1) An introduction, providing a brief synopsis of what you are attempting to "do" in this edition, and providing some context for it.†

2) An annotated and edited text or texts. Annotations can be keyed with the text in a variety of ways, and may also be "layered" in different ways.†

3) A lengthier explanation of the rationale for your edition, placing it, and your editorial decisions about it, within a larger context of past scholarship that relates to the text, as well as to textual and hypertextual theory.†

4) Textual notes, the length and complexity of which will obviously depend upon the textual history of the work.†

5) Textual variants, which can be keyed to the text in a number of different possible ways.†

6) Text images.

7) Parallel texts of versions and editions of the poems, if this seems useful.

8) Additional texts, excerpts, etc. providing context for, or otherwise shedding light upon, your text.

9) Biographies, chronologies or other sources of contextual information.

10) Hypermedia elements, including potentially images, sound, music, etc.

11) A simple and brief discussion of workflow and encoding and/or editing guidelines for the edition.†

12) A bibliography or list of works consulted/cited.†

Penalties for Late Work

          Essays should be brought to class and handed in on the date specified above. Late essays will be penalized at the rate of one percentage point for each working day that they are late, to a maximum of ten points. Essays submitted more than two weeks late will not be accepted unless accompanied by an acceptable reason for the delay (e.g., a medical certificate). Late essays may be submitted to me in person, or at one of the Department of English Essay Drop-off Boxes outside the English Office (UC 173); essays slid under my office door will not be marked.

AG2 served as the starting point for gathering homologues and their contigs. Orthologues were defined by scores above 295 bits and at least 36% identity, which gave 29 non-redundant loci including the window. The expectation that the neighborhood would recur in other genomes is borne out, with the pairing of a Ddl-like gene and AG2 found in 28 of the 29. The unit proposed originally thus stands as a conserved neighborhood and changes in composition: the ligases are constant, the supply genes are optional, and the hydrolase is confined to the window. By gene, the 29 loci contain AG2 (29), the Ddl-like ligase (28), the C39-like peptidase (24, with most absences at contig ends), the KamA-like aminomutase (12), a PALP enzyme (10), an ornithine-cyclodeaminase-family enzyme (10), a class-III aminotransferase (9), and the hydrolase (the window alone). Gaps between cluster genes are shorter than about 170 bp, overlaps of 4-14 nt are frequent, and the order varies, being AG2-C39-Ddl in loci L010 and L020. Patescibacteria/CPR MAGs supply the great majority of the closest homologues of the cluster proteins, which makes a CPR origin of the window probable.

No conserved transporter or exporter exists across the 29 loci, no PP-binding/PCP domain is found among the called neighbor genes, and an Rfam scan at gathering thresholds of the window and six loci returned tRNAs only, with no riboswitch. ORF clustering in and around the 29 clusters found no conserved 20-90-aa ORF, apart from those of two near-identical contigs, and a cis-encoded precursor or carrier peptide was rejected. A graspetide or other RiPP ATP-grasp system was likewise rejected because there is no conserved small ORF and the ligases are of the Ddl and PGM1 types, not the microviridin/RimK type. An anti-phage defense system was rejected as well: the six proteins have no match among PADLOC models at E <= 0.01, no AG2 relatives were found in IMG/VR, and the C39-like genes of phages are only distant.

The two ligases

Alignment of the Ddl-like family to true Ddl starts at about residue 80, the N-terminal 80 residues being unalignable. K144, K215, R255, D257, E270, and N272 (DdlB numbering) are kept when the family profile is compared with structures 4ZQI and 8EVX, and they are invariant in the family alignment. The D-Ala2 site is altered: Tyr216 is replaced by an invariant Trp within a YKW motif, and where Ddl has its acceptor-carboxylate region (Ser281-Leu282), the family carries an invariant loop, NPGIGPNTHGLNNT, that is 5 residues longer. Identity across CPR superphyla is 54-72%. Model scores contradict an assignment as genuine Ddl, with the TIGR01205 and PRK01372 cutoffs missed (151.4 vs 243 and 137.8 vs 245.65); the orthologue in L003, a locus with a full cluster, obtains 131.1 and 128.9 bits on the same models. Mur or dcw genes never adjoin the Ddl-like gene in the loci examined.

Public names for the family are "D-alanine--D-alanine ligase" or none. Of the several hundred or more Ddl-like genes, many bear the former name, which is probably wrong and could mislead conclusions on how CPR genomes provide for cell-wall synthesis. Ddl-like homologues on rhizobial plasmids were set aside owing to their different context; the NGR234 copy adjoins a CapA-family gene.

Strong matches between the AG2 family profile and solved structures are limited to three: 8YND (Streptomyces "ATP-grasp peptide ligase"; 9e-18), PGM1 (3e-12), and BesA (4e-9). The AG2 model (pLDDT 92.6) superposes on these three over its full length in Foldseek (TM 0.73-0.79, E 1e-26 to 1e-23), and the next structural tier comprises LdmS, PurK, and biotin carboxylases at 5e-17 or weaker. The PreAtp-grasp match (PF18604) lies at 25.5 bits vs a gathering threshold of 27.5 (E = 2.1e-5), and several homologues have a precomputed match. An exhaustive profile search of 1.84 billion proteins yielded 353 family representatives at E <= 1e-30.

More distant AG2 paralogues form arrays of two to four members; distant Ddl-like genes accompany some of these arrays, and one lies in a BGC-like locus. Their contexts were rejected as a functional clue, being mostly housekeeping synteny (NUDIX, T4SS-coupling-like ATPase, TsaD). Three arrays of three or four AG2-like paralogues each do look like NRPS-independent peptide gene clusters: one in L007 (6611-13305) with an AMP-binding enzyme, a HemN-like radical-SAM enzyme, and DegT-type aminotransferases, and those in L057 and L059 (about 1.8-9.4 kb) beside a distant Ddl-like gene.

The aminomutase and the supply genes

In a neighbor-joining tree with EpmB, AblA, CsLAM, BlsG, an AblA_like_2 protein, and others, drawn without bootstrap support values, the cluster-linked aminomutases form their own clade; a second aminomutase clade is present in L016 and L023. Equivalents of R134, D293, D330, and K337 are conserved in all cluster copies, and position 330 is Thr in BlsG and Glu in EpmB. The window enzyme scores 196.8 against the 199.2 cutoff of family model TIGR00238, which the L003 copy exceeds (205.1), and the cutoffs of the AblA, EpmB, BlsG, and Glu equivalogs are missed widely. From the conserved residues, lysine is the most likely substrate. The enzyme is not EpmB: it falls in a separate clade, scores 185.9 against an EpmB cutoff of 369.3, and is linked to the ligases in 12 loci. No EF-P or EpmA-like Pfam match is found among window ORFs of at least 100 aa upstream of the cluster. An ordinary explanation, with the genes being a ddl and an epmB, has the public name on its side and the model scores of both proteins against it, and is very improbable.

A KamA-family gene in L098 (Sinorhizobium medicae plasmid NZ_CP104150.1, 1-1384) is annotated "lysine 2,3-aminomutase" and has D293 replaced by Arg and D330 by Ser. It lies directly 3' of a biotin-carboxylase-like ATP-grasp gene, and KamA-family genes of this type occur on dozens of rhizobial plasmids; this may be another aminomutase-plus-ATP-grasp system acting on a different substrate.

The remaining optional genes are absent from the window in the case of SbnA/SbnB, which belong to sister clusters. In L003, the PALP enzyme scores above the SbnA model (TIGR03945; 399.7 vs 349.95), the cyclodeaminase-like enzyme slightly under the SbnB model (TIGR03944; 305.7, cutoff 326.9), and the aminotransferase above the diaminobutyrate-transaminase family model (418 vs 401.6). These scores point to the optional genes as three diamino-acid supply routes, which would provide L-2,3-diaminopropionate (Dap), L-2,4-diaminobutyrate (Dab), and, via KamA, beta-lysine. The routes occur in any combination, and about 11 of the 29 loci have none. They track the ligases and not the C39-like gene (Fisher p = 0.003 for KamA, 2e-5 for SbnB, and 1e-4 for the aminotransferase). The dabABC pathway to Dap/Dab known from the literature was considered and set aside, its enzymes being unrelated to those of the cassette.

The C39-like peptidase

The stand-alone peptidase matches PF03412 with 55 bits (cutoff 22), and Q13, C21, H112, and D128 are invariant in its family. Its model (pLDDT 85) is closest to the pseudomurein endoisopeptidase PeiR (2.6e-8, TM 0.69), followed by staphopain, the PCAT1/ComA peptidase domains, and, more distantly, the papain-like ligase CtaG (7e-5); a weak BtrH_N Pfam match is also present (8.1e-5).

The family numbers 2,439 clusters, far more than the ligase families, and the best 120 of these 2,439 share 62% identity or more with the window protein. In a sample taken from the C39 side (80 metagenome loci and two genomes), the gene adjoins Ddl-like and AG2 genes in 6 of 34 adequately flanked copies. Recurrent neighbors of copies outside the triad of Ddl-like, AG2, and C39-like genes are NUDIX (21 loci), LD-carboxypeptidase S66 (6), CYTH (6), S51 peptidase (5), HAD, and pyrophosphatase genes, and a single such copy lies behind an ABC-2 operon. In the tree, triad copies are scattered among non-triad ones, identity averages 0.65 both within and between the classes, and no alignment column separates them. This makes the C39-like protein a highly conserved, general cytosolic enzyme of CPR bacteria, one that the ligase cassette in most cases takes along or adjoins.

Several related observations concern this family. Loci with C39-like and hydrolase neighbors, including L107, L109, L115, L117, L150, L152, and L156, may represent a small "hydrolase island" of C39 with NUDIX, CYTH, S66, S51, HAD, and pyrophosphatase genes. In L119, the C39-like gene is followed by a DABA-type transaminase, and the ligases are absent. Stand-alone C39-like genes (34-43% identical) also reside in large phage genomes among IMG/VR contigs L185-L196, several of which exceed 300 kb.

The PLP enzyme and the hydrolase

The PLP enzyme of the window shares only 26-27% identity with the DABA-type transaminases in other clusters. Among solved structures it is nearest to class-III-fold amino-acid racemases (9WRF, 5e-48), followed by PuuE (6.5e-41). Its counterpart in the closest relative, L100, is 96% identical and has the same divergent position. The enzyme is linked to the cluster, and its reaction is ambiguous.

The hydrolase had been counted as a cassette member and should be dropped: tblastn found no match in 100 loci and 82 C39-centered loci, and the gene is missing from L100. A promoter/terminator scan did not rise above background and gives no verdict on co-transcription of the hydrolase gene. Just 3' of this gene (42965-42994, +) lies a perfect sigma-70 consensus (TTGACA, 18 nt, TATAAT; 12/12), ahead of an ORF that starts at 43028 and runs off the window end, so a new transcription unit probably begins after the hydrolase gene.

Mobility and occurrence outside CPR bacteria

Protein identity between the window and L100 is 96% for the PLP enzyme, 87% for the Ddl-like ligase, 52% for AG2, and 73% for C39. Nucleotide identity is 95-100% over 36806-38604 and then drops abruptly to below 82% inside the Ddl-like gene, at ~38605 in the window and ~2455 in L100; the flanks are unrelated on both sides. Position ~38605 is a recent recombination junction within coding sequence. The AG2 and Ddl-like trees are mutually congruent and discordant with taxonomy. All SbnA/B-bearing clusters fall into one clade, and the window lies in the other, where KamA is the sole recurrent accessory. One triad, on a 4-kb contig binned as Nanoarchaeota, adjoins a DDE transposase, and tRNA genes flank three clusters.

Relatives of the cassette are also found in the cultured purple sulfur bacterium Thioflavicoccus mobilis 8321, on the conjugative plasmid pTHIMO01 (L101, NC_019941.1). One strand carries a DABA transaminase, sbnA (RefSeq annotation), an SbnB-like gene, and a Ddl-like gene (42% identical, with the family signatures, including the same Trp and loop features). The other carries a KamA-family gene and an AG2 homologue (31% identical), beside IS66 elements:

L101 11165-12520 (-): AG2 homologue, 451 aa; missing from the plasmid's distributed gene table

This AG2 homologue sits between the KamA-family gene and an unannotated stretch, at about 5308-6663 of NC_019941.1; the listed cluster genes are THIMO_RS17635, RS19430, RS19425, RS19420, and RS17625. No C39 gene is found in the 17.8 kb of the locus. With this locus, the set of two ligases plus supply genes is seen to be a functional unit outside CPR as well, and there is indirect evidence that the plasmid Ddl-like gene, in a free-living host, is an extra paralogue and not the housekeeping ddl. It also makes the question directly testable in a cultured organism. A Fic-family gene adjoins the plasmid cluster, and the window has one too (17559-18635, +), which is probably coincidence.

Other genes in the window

Please keep a copy of your essay.

Presentation of Written Work

The guidelines for layout that appear in the more recent editions of the MLA Handbook for Writers of Research Papers are recommended for both your review and research essays, although the Chicago Manual of Style is also acceptable. Written work should be submitted double-spaced, preferably typewritten or computer-printed. Use one side of the paper only, with 1 inch margins for all four edges. Use a font size that will permit no more than about 250 words per page. Submit the work fastened by a paper clip rather than staples; do not have it "bound." Text should be justified only to the left margin.
          The review essay should be include, directly below the review title, a bibliographical citation for the work being reviewed, in proper MLA or Chicago format.


          All documentation (including that which appears in your hypertext edition) should follow the guidelines set out in one of the more recent editions of the MLA Handbook for Writers of Research Papers (use the fourth edition or later) or the Chicago Manual of Style. Please be sure to include a list of "Works Consulted".



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Administrator: Mark McDayter
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Mark McDayter, The University of Western Ontario, 2004